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TomLikesPhysics
I need help with an integral.
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\[V=\int\limits_{?}^{?}f(x,y,z)dV\] \[f(x,y,z)=xy , x,y \ge , x^2+y^2+z^2\le1\]
Somehow I felt sphere and used the jacobi-determinant to rewrite the integral and to get V=4/3 * pi but to rewrite it I used a z component which f does not have so I am kind of clueless.
\[f(x,y,z)=xy\] \[x,y \ge0\] \[x^2+y^2+z^2\]
\[x^2+y^2+z^2 \le 1\]
Those are the conditions I have.
well, it does appear to be an 4th a sphere then
|dw:1353510305015:dw|
Here is my calculation.
f(x,y,z)=xy so it is a surface I thought and if I integrate that I get a 4-dim sphere?
yeah, ill have to review this later, work is calling nice work on that jacobian tho
yeah but I think nobody ask for it.^^
I mean I guess I don´t need that jacobi-det. here, right?
I'm confused as to what your final integral is....
After I got that I checked the Jacobi-Det. to make sure I did not misread something on Wikipedia.
well, let me try it, but I just don't quite see the set up
The set up is everything on the left side of the picture above the line with the 1 in a circle underneath it.
\[x=\rho\sin\phi\cos\theta\]\[y=\rho\sin\phi\sin\theta\]\[z=\cos\phi\]\[dV=\rho^2\sin\phi d\theta d\rho d\phi\]\[f(x,y,z)=xy=\rho^2\sin^2\phi\sin\theta\cos\theta\]\[\iiint\limits_Ef(x,y,z)dV=\int_0^\pi\int_0^1\int_0^{2\pi}\rho^4\sin^3\phi\sin\theta\cos\theta d\theta d\rho d\phi\]\[=\int_0^\pi\int_0^1\rho^4\sin^3\phi\left[\left.\frac{\sin^2\theta}2\right|_0^{2\pi}\right] d\rho d\phi=0\] did I make a mistake? I hate it when I get zero...
that should be \(z=\rho\cos\theta\) of course
I think the theta integral goes from 0 to pi. The phi integral goes from 0 to 2pi.
But that does not change a thing I think...
Ups, my mistake, you change the angles.
yeah I switched your theta for my hi just cuz that's how I usually do it
So perhaps sphericalcoordinates do not help with this problem?
but I ended up with 4/3*pi when I used the Jacobi-Det.
but I also threw the function f=xy right out of the window and did not include it in the calculation...
Perhaps my calculation on the picture which comes right after the set up is right? The block with the 1, I mean.
you can't just throw out the thing you are integrating, and by the 'jacobi-det' I can only presume you mean the jacobian dV in spherical coordinates \(\rho^2\sin\phi\) which I used as well the change in coordinates should not affect the answer if we do it right, which I think we did, so I think the answer is zero 4/3pi is just the volume of the shpere over which we are integrating, but the integral itself is zero
We are neglecting the part where it is mandatory that x,y are greater or equal to zero. The x in terms of sphericalcoordinates can be negative but it shouldn´t be. I think we must somehow work that and the condition that the sum of the squares is 1 into the integral.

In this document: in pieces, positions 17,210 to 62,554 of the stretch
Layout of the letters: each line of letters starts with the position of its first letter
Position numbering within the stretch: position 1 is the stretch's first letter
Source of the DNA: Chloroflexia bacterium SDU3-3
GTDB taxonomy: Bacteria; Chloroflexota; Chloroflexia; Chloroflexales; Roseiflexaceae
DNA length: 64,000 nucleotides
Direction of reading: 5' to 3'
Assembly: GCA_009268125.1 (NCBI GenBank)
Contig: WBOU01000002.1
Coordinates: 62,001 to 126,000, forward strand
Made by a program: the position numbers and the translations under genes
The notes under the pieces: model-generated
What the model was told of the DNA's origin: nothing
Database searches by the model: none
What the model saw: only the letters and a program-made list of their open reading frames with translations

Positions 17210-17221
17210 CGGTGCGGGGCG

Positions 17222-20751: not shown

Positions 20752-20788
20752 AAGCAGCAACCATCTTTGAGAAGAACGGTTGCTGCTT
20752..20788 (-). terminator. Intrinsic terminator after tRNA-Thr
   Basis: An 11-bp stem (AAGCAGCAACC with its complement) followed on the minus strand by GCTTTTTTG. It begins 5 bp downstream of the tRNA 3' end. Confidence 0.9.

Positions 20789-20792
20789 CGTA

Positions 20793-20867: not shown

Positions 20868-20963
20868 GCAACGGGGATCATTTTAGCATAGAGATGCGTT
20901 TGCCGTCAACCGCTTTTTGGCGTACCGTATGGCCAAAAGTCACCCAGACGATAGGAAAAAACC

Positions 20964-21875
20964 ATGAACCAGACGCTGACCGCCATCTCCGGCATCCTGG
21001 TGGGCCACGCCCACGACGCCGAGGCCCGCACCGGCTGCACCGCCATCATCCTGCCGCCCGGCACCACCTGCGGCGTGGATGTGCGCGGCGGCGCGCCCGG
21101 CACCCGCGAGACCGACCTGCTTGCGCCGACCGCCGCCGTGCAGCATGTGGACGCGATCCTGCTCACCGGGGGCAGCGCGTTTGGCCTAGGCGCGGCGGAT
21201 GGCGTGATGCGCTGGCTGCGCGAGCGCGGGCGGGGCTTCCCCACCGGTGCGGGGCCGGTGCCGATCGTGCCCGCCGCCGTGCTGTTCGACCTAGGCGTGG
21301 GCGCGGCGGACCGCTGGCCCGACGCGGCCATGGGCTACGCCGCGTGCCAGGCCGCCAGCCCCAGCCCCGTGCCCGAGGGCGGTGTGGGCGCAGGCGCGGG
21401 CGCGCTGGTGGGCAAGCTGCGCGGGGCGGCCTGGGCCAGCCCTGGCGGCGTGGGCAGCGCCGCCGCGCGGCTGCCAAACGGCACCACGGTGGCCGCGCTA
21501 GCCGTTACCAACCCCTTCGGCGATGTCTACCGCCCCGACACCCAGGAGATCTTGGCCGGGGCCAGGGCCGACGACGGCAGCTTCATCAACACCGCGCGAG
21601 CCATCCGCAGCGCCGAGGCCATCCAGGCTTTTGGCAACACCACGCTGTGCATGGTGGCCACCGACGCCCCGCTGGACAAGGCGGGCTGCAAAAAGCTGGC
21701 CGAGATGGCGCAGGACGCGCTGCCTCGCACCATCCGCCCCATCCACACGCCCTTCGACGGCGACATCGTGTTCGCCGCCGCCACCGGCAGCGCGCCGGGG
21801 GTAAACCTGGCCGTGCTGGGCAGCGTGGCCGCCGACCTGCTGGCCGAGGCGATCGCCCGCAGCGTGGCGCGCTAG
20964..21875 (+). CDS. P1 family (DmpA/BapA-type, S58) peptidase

oh, I missed that :P if x and y are greater than zero, we are in the first quadrant of the xy-plane, so theta varies from 0 to pi/2\[\iiint\limits_Ef(x,y,z)dV=\int_0^\pi\int_0^1\int_0^{\frac\pi2}\rho^4\sin^3\phi\sin\theta\cos\theta d\theta d\rho d\phi\]
So the volume or whatever we just calculated is just 4/30? Did I do that right? Thx a lot so far Turing Test.
\[\iiint\limits_Ef(x,y,z)dV=\int_0^\pi\int_0^1\int_0^{\frac\pi2}\rho^4\sin^3\phi\sin\theta\cos\theta d\theta d\rho d\phi\]\[=\frac12\int_0^\pi\int_0^1\rho^4\sin^3\phi d\rho d\phi=\frac1{10}\int_0^\pi \sin^3\phi d\phi=\]\[\frac1{10}\int_0^\pi\sin\phi-\cos^2\phi\sin\phi d\phi=\frac1{10}\left(\left.-\cos\phi+\frac{\cos^3\phi}3\right|_0^\pi\right)\]\[=\frac1{10}(\frac23-(-\frac23))=\frac2{15}\]so yes, I guess that's right. btw the thing that we found is the integral of the function f(x,y,z)=xy over the given volume of a quarter-sphere, E.
Since is has something to do with a sphere isn´t it weird that we got 2/15 and not something with pi?
No, not really. Just because the region you are integrating in is a sphere doesn't meant you should expect pi to show up. If you think about any integral in either polar, cylindrical, or spherical coordinates, if theta shows up in the integrand as the argument of a trig function, then evaluation ion the d(theta) integration will cause he angle (which is where the pi would come from, of course) converted into whatever the resulting trig function results in. example in polar coordinates for simplicity:\[\int_0^1\int_0^{\pi}rdrd\theta=\frac\pi2\](with no integrand, this integral just represents the area of the region of integration; a circle with radius 1) However if we wanted to integrate \(y=r\sin\theta\) *over* that region of a half-circle we get\[\int_0^1\int_0^\pi r^2\sin\theta drd\theta=\frac23\]Notice the \(\pi\) got swallowed up by the fact that it was evaluated as the argument of a trig function, which is very common an in no way unusual in these situations.
Ok. Thank you Turing Test for your durability and stamina. You made the whole thing a lot clearer.
Happy I could help :)